Currency Market Analysis
Nov 19, 2015 | Currency Market Analysis
America’s high-flying dollar bled some strength with both markets and Federal Reserve officials seemingly coalescing toward a rate hike next month. The notion of a U.S. rate hike in mid-December being a near certainty has started to see the dollar’s gains dissipate. Minutes from the last Fed meeting came out this week and indicated the central bank ‘could well’ boost its key rate next time around, providing the economy cooperates and dispenses encouraging data on jobs and inflation. Since the Fed minutes came out, the dollar has edged off seven-month peaks against the euro and a currency basket. The dollar’s overall strength amounts to an early holiday gift for U.S. importers who, through the use of our hedging tools, can get a jump on their 2016 exposures by covering them at very affordable levels, and whose longevity isn’t assured. The dollar slipped to one- and two-week lows against the loonie and sterling.
The euro backpedaled from session highs after minutes from the last ECB meeting were consistent with a bank on the brink of easier action. The ECB called the downgrading of its inflation outlook ‘potentially worrisome.’ The ECB’s next meeting on Dec. 3 increasingly seems like a matter of how forceful the bank acts rather than will it, a dovish stance that leaves the euro exposed to further underperformance in the weeks and months ahead.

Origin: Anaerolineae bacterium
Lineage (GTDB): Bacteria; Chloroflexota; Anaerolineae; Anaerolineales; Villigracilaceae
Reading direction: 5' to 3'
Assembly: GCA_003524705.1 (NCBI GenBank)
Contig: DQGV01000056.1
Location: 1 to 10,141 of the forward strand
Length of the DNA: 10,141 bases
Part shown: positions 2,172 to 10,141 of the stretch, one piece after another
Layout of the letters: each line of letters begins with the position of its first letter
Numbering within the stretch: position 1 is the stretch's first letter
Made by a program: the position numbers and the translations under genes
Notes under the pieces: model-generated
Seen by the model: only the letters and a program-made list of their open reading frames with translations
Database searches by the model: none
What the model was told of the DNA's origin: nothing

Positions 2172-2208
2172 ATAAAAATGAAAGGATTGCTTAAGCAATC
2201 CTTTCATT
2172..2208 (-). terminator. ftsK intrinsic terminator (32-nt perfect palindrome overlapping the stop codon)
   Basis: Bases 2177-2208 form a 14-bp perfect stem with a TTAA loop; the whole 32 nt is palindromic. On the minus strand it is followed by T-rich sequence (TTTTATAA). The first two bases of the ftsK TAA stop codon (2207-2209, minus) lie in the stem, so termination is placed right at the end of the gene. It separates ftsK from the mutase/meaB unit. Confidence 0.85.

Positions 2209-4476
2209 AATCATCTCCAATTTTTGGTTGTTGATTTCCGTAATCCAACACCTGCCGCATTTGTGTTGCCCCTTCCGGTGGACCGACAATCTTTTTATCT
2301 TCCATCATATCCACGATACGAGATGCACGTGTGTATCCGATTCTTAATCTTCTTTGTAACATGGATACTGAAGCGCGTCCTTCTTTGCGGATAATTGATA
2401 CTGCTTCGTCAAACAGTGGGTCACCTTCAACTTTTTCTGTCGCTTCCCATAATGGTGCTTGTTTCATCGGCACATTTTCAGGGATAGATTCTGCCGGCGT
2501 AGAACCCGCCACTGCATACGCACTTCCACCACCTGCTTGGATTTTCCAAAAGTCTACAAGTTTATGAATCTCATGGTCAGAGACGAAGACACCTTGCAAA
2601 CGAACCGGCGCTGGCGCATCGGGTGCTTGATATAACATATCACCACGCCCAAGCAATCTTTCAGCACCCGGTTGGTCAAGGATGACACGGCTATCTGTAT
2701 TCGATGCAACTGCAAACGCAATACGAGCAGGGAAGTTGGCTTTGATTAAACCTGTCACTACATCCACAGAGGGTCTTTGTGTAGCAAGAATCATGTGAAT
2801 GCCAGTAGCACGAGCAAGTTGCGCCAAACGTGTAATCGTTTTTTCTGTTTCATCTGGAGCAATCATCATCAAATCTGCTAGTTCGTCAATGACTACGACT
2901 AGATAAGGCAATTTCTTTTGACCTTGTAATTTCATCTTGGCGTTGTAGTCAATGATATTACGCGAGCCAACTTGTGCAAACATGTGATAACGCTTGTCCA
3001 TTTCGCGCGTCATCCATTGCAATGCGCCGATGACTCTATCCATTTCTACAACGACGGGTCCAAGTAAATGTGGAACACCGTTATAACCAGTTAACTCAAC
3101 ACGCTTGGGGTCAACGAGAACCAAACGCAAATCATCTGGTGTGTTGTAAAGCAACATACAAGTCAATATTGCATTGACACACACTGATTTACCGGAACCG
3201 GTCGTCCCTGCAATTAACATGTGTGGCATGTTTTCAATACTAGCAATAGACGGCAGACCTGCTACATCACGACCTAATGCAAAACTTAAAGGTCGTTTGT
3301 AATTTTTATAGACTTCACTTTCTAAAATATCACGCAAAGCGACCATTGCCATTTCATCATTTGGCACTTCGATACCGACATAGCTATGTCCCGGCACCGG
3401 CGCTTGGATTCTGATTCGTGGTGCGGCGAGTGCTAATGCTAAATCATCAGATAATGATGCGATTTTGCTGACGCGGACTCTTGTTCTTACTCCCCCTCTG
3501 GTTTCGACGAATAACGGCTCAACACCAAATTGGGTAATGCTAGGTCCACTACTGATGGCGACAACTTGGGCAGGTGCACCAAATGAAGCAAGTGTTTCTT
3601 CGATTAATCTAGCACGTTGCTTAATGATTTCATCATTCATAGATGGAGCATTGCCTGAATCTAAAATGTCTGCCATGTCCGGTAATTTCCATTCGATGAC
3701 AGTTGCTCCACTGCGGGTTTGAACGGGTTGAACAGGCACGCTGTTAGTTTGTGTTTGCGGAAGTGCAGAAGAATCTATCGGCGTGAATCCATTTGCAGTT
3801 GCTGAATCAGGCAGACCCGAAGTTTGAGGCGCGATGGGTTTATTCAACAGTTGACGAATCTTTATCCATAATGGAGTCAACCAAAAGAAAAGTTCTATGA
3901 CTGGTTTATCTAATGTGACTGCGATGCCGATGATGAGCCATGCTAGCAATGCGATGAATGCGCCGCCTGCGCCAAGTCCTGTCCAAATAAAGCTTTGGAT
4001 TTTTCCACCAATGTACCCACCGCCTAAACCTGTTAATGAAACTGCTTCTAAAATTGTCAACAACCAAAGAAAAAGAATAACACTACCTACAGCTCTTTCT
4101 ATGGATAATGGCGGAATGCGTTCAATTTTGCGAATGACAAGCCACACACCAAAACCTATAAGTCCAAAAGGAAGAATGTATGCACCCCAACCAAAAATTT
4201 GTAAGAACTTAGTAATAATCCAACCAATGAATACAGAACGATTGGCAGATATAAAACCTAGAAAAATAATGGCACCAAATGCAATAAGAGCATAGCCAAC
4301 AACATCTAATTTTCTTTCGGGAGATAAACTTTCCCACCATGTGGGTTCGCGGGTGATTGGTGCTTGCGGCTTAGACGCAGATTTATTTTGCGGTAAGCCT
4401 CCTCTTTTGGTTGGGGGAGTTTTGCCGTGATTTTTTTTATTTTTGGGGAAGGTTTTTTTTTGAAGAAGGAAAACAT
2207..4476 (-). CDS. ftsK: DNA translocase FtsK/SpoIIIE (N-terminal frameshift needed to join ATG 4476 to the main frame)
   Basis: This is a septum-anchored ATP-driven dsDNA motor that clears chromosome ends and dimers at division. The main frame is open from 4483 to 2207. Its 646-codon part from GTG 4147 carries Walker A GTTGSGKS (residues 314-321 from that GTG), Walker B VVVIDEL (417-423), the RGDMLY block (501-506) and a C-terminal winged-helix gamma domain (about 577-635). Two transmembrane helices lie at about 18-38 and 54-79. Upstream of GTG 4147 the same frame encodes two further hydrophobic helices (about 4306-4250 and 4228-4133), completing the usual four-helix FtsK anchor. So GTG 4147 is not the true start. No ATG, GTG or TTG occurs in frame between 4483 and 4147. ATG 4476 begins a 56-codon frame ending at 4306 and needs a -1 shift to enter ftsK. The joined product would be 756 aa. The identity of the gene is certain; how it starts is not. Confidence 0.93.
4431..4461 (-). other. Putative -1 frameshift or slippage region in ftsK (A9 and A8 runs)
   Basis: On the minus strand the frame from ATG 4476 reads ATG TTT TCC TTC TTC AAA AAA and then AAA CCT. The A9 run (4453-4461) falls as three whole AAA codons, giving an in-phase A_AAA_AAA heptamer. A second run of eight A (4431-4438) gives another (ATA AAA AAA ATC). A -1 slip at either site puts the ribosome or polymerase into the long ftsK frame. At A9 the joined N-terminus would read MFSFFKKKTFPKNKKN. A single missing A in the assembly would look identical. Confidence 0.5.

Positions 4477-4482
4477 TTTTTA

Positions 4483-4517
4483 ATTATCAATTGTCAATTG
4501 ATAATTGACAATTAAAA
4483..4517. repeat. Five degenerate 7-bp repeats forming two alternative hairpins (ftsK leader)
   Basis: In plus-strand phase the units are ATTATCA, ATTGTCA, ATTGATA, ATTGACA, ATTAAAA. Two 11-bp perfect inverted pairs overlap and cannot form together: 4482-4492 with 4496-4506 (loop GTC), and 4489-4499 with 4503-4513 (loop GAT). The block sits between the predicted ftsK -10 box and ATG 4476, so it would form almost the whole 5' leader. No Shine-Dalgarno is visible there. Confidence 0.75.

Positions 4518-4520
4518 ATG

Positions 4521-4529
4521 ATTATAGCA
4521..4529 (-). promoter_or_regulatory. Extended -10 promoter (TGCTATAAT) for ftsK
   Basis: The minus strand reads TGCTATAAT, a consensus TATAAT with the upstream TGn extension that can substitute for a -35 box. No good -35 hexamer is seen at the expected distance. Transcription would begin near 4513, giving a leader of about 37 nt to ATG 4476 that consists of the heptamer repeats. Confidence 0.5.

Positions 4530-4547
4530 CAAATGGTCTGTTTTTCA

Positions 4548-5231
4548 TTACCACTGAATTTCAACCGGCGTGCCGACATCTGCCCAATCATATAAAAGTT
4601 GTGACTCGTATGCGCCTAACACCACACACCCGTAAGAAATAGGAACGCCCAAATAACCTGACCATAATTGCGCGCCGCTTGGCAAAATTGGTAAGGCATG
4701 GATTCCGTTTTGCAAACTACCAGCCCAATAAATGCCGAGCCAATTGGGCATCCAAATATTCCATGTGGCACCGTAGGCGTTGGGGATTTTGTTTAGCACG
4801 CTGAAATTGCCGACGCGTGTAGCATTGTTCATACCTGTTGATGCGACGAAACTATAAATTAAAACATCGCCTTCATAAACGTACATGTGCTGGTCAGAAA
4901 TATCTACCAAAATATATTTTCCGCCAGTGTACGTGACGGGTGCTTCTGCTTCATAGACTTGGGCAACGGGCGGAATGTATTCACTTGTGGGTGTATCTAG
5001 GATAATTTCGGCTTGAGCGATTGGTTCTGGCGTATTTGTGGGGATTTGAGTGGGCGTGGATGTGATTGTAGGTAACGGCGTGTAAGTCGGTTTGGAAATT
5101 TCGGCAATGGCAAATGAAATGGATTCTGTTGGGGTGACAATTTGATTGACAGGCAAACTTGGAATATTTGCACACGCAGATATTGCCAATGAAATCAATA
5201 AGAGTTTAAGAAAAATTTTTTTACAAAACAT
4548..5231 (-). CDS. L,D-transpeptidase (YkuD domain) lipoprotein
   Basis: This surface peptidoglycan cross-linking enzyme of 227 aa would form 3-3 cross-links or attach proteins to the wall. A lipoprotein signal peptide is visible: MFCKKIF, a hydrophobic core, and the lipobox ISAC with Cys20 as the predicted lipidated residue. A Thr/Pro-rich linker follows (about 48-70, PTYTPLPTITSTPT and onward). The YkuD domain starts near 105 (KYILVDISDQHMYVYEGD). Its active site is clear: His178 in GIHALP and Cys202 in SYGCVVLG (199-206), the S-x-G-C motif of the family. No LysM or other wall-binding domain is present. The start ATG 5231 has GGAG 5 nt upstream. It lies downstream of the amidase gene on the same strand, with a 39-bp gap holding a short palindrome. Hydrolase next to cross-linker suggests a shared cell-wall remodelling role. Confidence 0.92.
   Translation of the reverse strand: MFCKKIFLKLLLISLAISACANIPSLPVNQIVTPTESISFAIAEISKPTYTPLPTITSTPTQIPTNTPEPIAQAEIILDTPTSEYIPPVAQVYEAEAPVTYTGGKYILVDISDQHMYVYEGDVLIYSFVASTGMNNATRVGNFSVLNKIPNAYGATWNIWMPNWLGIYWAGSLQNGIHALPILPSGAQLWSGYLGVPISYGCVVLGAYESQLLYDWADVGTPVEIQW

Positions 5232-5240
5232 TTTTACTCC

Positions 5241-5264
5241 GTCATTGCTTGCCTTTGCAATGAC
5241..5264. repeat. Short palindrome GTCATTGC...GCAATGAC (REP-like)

With some hopping off the U.S. dollar bandwagon to take a breather and some profit, sterling managed to weather a downcast set of U.K. data. British consumers turned frugal last month when retail sales fell 0.6 percent, which followed the biggest spending spurge in nearly two years in September. The data, along with subdued news on factory growth, will keep a relatively low ceiling above the pound with the Bank of England expected to lag the Fed in lifting interest rates.
The yen tiptoed away from three-month lows against the dollar after the Bank of Japan today left its easy, low rate policies in place, as expected. General pressure will linger on the yen on the view its recession-mired economy may require its central bank to come to the rescue sooner or later with yen-weakening, economy-strengthening stimulus.
The loonie was steady after subpar economic news from north of the border and weak commodities kept stiff headwinds in place. No such rebound for Canadian wholesale trade which unexpectedly fell 0.1 percent in September, underscoring the economy’s fragile footing. Local inflation and retail sales loom Friday.
The dollar’s bullish bias stands to get a fillip in the latest look at the U.S. economy. Weekly jobless claims hit the bull’s-eye, improving 5,000 to 271,000. Moreover, data from the U.S. central bank unexpectedly returned to growth this month with the Philly Fed index rising to plus 2 from below zero the past two months. Over the short run, the dollar’s steady ascension to multimonth highs leaves it vulnerable to dips on profit-taking. But its longer run prospects remain bright with the Fed likely to raise rates in less than a month.
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